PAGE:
One crore new jobs every year; Rs. 15 lakh to every citizen; USD 5 trillion economy by 2024-25; Rs 100-lakh crore ‘Gatishakti’ initiative to bring employment opportunities for the youth…. The last seven years have seen promises raining endlessly. Prime Minister Narendra Modi believes in unleashing promises. He relies on relentlessly keeping people’s hopes high. If there is one thing that is constant in the NDA regime under Modi it is this ceaseless deluge of promises. How many of them have seen their logical end? How many will achieve the target? Well, he is not there to answer questions, but to bombard you with his big budget promises. Leave it or take it.
The latest report by the Centre for Monitoring Indian Economy (CMIE) has yet again exposed his promise on employment generation. Close to 20 lakh jobs were lost in August alone. The depressing scenario is witnessed both in urban and rural sectors. The biggest job loss was in the agriculture sector; the industrial scenario too was nothing to boast about. But for the service sector which absorbed a part of the job-seekers, who were thrown out of the other two sectors, the situation would have been more worrying. However, the service sector jobs are mostly termed ‘not of good quality’ which means they are low-paying and irregular. What has been thrown to the winds is Modi’s own specific assurance prior to becoming the Prime Minister. He had stated that if BJP came to power, it would provide one crore jobs every year which the UPA government could not do. The CMIE report has called the bluff of Modi’s promise which the BJP had reiterated in its election manifesto.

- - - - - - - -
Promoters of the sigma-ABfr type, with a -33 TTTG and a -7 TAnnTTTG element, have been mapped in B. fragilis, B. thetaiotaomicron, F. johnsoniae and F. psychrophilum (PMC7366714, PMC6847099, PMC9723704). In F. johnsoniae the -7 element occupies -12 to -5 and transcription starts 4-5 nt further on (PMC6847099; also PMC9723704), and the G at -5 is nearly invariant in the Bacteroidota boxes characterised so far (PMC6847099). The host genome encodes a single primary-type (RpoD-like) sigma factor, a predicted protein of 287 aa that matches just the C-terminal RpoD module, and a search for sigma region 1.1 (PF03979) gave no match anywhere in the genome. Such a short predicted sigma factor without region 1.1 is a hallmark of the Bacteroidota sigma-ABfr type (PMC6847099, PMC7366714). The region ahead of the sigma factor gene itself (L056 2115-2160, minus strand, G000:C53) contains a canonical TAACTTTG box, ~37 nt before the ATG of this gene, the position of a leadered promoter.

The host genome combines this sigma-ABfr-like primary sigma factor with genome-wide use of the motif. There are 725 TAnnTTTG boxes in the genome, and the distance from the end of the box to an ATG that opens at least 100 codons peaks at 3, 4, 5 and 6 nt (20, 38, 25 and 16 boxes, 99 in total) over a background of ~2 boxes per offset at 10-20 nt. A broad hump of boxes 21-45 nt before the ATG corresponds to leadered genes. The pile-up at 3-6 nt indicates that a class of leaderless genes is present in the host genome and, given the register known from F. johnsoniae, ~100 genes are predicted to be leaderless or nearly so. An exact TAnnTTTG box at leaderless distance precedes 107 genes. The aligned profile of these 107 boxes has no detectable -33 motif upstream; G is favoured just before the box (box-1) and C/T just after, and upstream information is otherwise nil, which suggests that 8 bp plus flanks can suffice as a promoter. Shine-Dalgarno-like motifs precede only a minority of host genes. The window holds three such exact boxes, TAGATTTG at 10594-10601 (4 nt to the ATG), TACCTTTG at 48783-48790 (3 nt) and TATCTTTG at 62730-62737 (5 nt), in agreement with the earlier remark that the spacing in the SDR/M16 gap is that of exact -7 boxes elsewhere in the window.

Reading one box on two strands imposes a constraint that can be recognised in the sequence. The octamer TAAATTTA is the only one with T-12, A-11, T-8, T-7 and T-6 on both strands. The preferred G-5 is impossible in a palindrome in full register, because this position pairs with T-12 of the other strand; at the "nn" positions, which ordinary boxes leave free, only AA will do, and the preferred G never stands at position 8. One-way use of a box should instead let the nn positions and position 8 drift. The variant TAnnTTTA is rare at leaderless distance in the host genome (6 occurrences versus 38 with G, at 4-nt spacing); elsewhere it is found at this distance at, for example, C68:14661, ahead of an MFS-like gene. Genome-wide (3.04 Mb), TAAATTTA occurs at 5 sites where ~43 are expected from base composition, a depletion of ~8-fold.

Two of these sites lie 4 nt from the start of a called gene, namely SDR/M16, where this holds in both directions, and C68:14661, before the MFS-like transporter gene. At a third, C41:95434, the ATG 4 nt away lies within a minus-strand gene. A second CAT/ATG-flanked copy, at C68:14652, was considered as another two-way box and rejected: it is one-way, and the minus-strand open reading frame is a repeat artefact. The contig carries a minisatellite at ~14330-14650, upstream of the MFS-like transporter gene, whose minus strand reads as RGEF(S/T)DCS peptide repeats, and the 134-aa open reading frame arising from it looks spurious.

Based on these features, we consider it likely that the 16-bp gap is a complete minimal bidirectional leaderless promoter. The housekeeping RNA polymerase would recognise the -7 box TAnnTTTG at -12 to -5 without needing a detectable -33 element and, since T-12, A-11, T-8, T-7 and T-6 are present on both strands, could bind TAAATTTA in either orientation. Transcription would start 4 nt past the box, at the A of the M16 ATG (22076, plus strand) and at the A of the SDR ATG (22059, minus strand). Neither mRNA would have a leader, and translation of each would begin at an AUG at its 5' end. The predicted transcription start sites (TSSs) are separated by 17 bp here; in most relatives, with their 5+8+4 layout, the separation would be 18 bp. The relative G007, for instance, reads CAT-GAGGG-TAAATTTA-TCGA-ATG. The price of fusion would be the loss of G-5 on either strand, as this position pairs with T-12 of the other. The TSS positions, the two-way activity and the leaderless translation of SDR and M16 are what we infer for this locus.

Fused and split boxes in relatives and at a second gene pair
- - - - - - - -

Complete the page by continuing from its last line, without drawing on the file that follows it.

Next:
This scenario does not gel with the promise of making India one of the fastest growing economies in the world. A country cannot be on the fast-track growth if its job creation is crawling or people are losing jobs. People with steady income are the backbone of any developed world. Joblessness is the curse of underdeveloped economies. The Modi government’s thoughtless and reckless policies, starting with demonetization, have ‘generously’ contributed to the unemployment rate going northward. Its ambitious ‘Make-in-India’ project too failed to take off. It was intended to boost the share of domestic manufacturing and create jobs in a big way in various sectors.
As the famous saying goes, only nothing can come out of nothing. Similarly, only joblessness can come out of job losses. This is a serious trap for the common man with no regular source of sustenance. By contrast, the revenue and profit of many corporate houses have seen phenomenal increase even during the pandemic. The salaried class too escaped the rigours of the melt-down. The gap between the rich and the poor further widened, threatening the delicate social fabric of the nation. A recent Pew Research has cited that 75 million people moved back into poverty in India. The International Monetary Fund recently downgraded India’s growth outlook from 12.5 per cent to 9.5 per cent for the fiscal 2021-22. Taking these depressing scenarios together, deep trouble is waiting in the wings for the common man. The ‘promised land of jobs’ seems to remain elusive to the ordinary mortals.